Richard Wollheim

Richard Wollheim, who died in 2003, was Grote Professor in the University of London, before moving to the States, where he taught at Columbia and at Berkeley. His last book was On the Emotions (1999).

The Girl in the Shiny Boots: Adolescence

Richard Wollheim, 20 May 2004

For as long as my parents still went on holiday together, which ended around my sixth or seventh year, there was nothing unusual in the fact that I should have been sent off with my nanny to stay in what was called a Board Residence in a seaside town on the South Coast. The first two or three weeks of the holiday were divided between long periods of routine and brief moments of terror, with,...

Germs: A Memoir

Richard Wollheim, 15 April 2004

As a child, I loved lists of all sorts, and found that all sorts of things could be listed. I listed the sails on a windjammer, not knowing how they worked, and the names of philosophers, not knowing what they were, and, a particular source of pleasure, the names of royal mistresses and of royal favourites, not knowing how they earned their keep. I listed the flags of the different nations,...

A Bed out of Leaves: a dance at Belsen

Richard Wollheim, 4 December 2003

“Would I regard it as my duty, as soon as I had arranged transport, to drive over to Belsen, see the people in charge, and arrange a dance? I told my colonel, as respectfully as I could, that I thought this a very bad idea. My colonel reminded me where the idea had originated, it had come from very high up, it was an order.”

“Scorning perspective and resemblance as means to achieving figuration, Staël edged his way into figuration by first training himself to respect the painting as a wall, then by learning how to create an overall represented space. The depiction of objects came third. Objects could be depicted only when the space into which they were to fit was complete, and this was the point Staël felt he had reached by February 1952. The year that followed showed him his instincts were right. He ended the year by writing: ‘I do not contrast abstract painting with figurative painting.’”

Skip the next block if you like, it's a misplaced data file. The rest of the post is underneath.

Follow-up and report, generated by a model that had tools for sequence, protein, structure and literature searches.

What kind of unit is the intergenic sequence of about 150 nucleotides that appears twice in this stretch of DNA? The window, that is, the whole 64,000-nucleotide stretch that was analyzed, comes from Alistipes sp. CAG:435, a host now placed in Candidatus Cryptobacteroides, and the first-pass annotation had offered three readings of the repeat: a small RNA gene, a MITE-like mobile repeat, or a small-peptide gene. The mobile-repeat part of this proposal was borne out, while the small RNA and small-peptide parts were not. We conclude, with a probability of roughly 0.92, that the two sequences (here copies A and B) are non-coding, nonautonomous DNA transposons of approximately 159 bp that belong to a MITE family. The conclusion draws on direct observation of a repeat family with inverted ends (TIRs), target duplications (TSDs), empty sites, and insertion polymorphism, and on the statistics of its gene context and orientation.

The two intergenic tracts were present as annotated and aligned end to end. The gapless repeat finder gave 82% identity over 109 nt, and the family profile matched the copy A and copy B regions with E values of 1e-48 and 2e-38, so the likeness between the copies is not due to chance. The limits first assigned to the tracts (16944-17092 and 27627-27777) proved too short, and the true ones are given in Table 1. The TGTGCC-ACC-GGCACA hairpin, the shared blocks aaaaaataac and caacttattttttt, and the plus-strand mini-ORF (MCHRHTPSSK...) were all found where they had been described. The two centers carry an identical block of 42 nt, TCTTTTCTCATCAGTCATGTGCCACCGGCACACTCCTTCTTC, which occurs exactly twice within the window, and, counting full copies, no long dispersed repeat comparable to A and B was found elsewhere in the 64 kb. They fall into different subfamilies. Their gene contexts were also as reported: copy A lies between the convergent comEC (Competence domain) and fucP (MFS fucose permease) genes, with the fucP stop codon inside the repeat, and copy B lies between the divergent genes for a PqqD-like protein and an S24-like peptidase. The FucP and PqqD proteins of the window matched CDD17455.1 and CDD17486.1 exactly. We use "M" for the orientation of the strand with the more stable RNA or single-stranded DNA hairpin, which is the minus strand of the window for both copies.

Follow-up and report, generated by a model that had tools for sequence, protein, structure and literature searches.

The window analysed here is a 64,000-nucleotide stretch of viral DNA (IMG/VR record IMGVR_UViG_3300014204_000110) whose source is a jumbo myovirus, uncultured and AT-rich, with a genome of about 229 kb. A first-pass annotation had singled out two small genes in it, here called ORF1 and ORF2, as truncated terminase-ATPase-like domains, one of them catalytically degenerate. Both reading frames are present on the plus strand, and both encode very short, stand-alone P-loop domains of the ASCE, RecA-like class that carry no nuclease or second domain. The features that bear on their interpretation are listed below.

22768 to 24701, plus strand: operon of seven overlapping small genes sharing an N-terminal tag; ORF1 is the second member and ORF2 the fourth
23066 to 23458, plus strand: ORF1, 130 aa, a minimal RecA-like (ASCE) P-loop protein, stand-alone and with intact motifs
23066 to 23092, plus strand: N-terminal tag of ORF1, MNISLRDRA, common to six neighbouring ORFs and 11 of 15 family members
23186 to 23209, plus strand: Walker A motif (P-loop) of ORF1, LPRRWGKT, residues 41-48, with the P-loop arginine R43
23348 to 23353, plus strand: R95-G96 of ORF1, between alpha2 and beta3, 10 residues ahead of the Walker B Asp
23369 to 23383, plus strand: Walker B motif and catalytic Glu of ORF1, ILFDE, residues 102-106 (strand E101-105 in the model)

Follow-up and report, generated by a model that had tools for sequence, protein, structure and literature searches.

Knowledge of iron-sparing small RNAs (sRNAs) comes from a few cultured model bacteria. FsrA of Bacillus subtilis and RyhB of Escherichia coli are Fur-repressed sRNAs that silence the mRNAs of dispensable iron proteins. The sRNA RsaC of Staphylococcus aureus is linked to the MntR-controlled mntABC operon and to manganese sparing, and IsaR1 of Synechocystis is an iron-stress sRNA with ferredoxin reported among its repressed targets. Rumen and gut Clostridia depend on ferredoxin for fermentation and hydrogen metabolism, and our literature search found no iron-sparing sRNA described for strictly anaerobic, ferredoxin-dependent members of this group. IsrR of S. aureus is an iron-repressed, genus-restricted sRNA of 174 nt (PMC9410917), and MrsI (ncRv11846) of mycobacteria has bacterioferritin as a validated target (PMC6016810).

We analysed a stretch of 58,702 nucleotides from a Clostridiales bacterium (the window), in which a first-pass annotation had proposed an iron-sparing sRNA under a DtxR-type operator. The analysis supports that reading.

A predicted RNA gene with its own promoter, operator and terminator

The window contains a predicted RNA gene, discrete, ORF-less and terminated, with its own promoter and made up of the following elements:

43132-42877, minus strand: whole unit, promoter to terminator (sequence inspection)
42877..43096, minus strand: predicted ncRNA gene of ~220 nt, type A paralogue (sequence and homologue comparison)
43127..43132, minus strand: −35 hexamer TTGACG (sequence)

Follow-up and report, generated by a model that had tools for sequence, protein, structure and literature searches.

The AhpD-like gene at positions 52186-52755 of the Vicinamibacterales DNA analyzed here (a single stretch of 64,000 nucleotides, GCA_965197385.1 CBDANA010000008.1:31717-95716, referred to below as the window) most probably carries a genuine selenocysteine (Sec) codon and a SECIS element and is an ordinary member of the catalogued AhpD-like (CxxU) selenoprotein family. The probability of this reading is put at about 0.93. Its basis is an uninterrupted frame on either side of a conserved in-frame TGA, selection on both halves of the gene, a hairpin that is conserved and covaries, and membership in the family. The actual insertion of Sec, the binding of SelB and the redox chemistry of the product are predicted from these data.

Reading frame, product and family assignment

Richard Wollheim, 22 June 1995

One of the essays included in this volume is entitled ‘Eugène Fromentin as Critic’, and it opens: ‘The Old Masters of Belgium and Holland is the first and perhaps the only book of its kind: a critical study of painting by an accomplished artist who is also a first-rate writer.’ Anyone acquainted with Meyer Schapiro will be amused. For, whether or not this is a correct assessment of Fromentin as a critic (the essay that follows suggests some qualifications), applied to Schapiro himself, these words have the ring of truth, if heavily understated.

While Richard Wollheim doesn’t go so far as to suggest that the unexamined emotion is not worth feeling, he does proceed on the assumption that it is beneficial for philosophers and...

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Art’s Infancy

Arthur C. Danto, 22 April 1993

I have always thought of Richard Wollheim as embodying the values and interests of a particularly urbane kind of British intellectual, typified by and possibly originating with the members of the...

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Nicholas Penny, 18 February 1988

In the Preface to his new book Richard Wollheim tells how he ‘evolved a way of looking at paintings which was massively time-consuming and deeply rewarding’. He looked at them for a...

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Second-Decimal Arguments

Jon Elster, 23 May 1985

Reading Richard Wollheim’s study of what it is to live the life of a person was a frustrating, painful experience. Perhaps it can best be summarised by saying that while the book goes to...

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Frank Cioffi, 2 June 1983

Wittgenstein, whose conversations with Rush Rhees lead off these Philosophical Essays on Freud, once wrote to a friend: ‘I, too, was greatly impressed when I first read Freud. He’s...

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Works of Art

Peter Lamarque, 2 April 1981

Generalising across the arts is a tricky business. Can we really expect to find anything in common between, say, Ulysses, Der Rosenkavalier, the ‘Donna Velata’ and Donatello’s...

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